Saturday, August 13, 2005

The Conference at Cambridge

I had a good time at Cambridge with my paper presentation, which I came out fairly nicely; I didn't get into a whole lot of complicated issues except when I was asked six questions by one questioner. (He's going to e-mail me). I got to see the English countryside and people punting on the Cam, though I didn't see anyone reciting lines from Monty Python's Life of Brian while punting, something my advisor Hugh Chandler got to see when he was in England. ("We're all individuals. I'm not. I'm not either.")

I met Jerry Walls, co-author of both a book on Lewis and Schaeffer and Why I Am Not a Calvinist. He seems happiest when ripping into Calvinists for their inconsistencies. I am in sympathy with him for this as veteran readers of this blog must be aware.

I also heard a presentation by Gary Habermas on the psychology of doubt and faith, making connections between Lewis's A Grief Observed and Rational Emotive Therapy, cataloguing different types of Christian doubt. Very interesting.

David Baggett gave a paper criticizing John Beversluis's C. S. Lewis and the Search for Rational Religion for claiming that after Joy's death Lewis was dealing with a rational rather than an emotional objection to his faith. Beversluis claims that Lewis was dealing with a logical objection to his faith and that his response moved him from a prior belief in Platonism, the view that the goodness of God is commensurable to what humans call goodness, to a view he calls Ockhamism, according to which goodness applied to God and goodness applied to humans is incommensurable. Baggett argued that we have every reason to believe what Lewis says when he says that the crisis precipitated by Joy's death was caused by his emotions and not by any new rational grounds for unbelief.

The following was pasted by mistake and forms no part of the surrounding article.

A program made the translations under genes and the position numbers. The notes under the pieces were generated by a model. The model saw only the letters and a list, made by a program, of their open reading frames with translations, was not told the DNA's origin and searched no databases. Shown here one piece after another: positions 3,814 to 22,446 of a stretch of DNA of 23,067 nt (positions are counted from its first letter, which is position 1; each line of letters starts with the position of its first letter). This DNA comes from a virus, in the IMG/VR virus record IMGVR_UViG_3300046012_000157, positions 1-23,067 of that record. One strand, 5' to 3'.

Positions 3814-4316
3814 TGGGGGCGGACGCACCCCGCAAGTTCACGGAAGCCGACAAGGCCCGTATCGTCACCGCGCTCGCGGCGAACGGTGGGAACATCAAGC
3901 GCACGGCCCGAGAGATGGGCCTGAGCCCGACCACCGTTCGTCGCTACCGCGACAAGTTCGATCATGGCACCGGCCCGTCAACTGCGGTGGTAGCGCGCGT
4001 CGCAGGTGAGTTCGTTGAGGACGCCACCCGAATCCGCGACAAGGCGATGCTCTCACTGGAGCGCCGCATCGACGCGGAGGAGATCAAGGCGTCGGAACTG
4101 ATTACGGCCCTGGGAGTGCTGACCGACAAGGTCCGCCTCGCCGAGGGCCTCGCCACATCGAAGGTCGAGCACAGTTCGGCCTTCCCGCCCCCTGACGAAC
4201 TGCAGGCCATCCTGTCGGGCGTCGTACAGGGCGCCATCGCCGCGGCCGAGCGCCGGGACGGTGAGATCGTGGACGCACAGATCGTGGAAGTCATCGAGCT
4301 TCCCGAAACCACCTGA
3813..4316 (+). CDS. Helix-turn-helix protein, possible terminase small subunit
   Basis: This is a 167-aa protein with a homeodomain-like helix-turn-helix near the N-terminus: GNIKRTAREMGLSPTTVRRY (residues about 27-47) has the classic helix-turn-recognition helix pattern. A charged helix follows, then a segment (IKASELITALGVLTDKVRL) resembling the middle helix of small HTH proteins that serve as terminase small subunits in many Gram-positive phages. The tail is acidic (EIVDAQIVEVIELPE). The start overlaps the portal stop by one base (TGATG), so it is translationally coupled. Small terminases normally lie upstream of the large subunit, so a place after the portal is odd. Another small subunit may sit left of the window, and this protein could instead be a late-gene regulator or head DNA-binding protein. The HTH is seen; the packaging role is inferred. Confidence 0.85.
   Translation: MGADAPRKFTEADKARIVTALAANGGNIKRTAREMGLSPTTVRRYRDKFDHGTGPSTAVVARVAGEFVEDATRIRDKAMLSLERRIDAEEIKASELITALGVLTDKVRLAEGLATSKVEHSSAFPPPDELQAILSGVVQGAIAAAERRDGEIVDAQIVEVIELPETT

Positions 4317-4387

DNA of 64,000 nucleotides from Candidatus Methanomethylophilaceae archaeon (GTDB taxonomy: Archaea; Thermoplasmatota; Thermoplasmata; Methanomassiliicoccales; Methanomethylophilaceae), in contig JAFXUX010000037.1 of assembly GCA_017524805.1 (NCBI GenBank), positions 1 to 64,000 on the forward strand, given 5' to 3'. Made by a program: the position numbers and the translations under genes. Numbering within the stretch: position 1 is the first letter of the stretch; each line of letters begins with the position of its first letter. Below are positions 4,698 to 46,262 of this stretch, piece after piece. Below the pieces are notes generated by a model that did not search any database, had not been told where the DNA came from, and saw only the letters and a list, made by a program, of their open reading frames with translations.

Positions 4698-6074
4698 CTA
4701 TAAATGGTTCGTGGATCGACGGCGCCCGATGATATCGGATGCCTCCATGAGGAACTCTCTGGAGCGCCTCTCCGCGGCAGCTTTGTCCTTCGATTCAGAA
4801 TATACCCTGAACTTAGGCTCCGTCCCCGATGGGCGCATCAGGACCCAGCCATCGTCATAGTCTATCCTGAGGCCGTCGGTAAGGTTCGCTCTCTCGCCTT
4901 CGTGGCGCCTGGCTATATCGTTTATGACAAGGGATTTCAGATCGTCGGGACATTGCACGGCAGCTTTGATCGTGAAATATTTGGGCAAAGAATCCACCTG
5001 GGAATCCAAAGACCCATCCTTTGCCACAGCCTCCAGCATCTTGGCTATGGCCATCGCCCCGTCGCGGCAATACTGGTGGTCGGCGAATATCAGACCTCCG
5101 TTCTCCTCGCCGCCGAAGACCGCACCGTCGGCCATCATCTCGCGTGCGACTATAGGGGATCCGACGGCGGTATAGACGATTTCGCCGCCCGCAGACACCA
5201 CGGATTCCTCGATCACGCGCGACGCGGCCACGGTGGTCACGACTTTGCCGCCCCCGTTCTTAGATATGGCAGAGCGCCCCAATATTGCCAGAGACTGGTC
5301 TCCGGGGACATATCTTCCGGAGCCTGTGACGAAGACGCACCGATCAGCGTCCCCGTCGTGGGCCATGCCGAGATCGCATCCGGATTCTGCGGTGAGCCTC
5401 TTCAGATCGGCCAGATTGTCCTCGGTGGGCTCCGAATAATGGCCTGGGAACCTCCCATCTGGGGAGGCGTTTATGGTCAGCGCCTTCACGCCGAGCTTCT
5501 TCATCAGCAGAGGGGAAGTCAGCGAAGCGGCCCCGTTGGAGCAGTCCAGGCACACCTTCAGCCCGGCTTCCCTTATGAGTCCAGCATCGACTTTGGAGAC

This was familiar ground to me, since both Thomas Talbott in C. S. Lewis and the Problem of Evil (Christian Scholar's Revew, 1987) and James Petrik (International Journal for Philosophy of Religion, 1994) had argued against a Beversluis claim that Lewis had compromised his Platonism in The Problem of Pain. Talbott wrote the enbtry on A Grief Observed in Schultz and West ed. The C. S. Lewis Readers Encyclopedia (Zondervan, 1998) in which he doesn't mention Beversluis but does mention the consistency between Lewis's thoughts in A Grief Observed and in The Problem of Pain. Richard Purtill wrote a response to Beversluis on A Grief Observed that appeared in a volume entitled A Christian for All Christians in 1990, and Beversluis did respond to that in the Lamp-Post some time shortly thereafter.

I saw a presentation by the new head of the National Endowment for the Arts pointing out a loss of Catholic presence in the arts, in particular amongst novelists in particular, though he applied this to Christian presence in the arts as well. In the 1950s you had Catholic novelists like Evelyn Waugh and Flannery O'connor, and now this presence has pretty much dried up. I also saw two presentations on the relevance of philosophy for biblical hermeneutics by Anthony Thistleton of the University of Nottingham.

What I was not able to attend was a re-enactment of the Lewis-Anscombe debate which took place the previous Friday night at Oxford and included parts of the revised additions and subsequent comments by Anscombe.

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